The Parade…..Forming up on Horse Guards was a feat in itself with so many wheelchairs and veterans who were slowly walking with the aid of sticks and their family members or carers, but George and I both agreed it was most uplifting part of the whole day, thousands of people lining the route, cheering and waving flags, all thoughts of tiredness and aching limbs were forgotten. I have marched down Whitehall on Remembrance Sunday with a very similar outcome, but this seemed to be very very special. There were members of all the Armed Forces all along the route for anyone who needed help, and they were there as soon as you indicated so. Apparently there was a threat of disturbance brought to the attention of the authorities, if there was, it was totally ignored by everyone in the Parade and the thousands of onlookers. The Parade wound its way into Westminster Abbey for a reception under one of the biggest marquees I have ever seen, tables adorned with flags, British Legion boxes of all manner of food, all drinks available including wine and beers, a complimentary poppy bag full of books, badges, and a very lovely silver photo frame engraved with VJ 70 Day, 15th August 2015. This was the time to relax and talk to old comrades, with a band playing in the background of all the old time favourites, people up dancing including the Duchess of Cornwall, who was gracious enough to visit most of the tables during the afternoon. As I saw her approaching our table, I rose to greet her, she shook my hand and I introduced her to George and they exchanged a few words. This seemed to cap a wonderful day for George and all the Veterans. The reception ended at 1800, whereupon we were guided to a taxi rank for VJ Veterans, this could have been our one and only hitch, as the queue was about half a mile long with what looked like hundreds of Veterans and their families in it. However the London Taxi Charity for Disabled Veterans worked a minor miracle putting people together who were headed for the same stations and we arrived at Kings Cross just 20 minutes before our train left at 1948.. The journey home was very comfortable and the staff on the train could not have been more helpful. The Royal British Legion is to be highly congratulated for delivering this special day, the whole event could not have been better organised, certainly a day that George and I will never forget. I will be emailing all those who helped us during the whole experience.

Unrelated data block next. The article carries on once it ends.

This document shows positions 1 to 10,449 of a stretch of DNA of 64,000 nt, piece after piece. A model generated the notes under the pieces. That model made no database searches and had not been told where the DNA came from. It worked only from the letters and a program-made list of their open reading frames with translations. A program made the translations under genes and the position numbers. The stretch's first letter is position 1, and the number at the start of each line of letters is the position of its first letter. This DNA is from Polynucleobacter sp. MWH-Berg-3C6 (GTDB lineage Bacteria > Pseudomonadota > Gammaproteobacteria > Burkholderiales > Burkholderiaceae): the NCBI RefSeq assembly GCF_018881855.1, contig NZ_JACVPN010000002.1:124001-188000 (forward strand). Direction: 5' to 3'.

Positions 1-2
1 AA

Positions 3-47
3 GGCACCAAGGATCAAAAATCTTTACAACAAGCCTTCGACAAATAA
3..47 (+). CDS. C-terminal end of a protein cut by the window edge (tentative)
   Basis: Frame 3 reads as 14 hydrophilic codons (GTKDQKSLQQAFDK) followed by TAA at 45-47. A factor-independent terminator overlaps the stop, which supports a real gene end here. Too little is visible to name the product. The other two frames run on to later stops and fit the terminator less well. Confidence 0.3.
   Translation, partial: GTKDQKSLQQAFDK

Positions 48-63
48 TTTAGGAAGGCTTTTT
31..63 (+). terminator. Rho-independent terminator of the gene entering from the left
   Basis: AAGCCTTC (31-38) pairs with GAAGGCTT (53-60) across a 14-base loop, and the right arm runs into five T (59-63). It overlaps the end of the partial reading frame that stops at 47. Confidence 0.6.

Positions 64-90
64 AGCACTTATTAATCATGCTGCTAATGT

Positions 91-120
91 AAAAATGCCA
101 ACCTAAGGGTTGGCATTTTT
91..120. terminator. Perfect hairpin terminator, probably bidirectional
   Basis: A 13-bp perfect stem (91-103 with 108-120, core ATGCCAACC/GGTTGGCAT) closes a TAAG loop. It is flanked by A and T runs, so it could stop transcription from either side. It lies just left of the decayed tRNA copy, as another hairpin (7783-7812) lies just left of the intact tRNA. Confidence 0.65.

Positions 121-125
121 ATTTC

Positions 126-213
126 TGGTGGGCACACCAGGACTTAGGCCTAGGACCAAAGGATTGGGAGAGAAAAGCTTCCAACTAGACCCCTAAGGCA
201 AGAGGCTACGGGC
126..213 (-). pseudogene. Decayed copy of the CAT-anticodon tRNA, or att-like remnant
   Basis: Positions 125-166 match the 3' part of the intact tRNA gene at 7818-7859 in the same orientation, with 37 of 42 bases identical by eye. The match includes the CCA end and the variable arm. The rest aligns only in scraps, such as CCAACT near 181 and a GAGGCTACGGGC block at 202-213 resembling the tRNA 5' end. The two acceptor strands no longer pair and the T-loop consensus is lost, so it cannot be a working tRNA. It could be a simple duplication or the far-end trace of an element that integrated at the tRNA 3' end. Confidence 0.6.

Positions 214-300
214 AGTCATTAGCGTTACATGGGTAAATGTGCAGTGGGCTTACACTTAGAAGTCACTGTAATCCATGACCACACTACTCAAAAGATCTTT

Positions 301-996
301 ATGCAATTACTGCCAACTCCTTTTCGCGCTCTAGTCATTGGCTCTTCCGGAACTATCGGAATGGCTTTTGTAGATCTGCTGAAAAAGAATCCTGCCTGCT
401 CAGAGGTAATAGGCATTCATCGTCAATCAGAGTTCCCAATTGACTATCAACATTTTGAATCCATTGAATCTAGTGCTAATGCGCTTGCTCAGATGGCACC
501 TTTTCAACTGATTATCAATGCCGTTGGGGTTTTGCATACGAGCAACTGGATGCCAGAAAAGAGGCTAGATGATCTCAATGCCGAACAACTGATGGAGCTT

1. Victory in Europe on 8th May 1945 was celebrated on the streets of Britain with parties and celebrations long into the night – but for thousands of families whose loved ones were still fighting, the celebrations were tempered with concern.
2. The Campaign in the Far East continued to rage on for another three months. It was not until Victory over Japan Day (VJ Day) on 15th August 1945 that this theatre of war was won and Japanese Forces surrendered, signalling the real end of the war.
3. My personal reflection. It would seem to me that it has taken 70 years for many of us to recognise these very brave men and women, sometimes, known as “The Forgotten Army”, if last Saturday is anything to go by, we will never again forget….”We will remember them”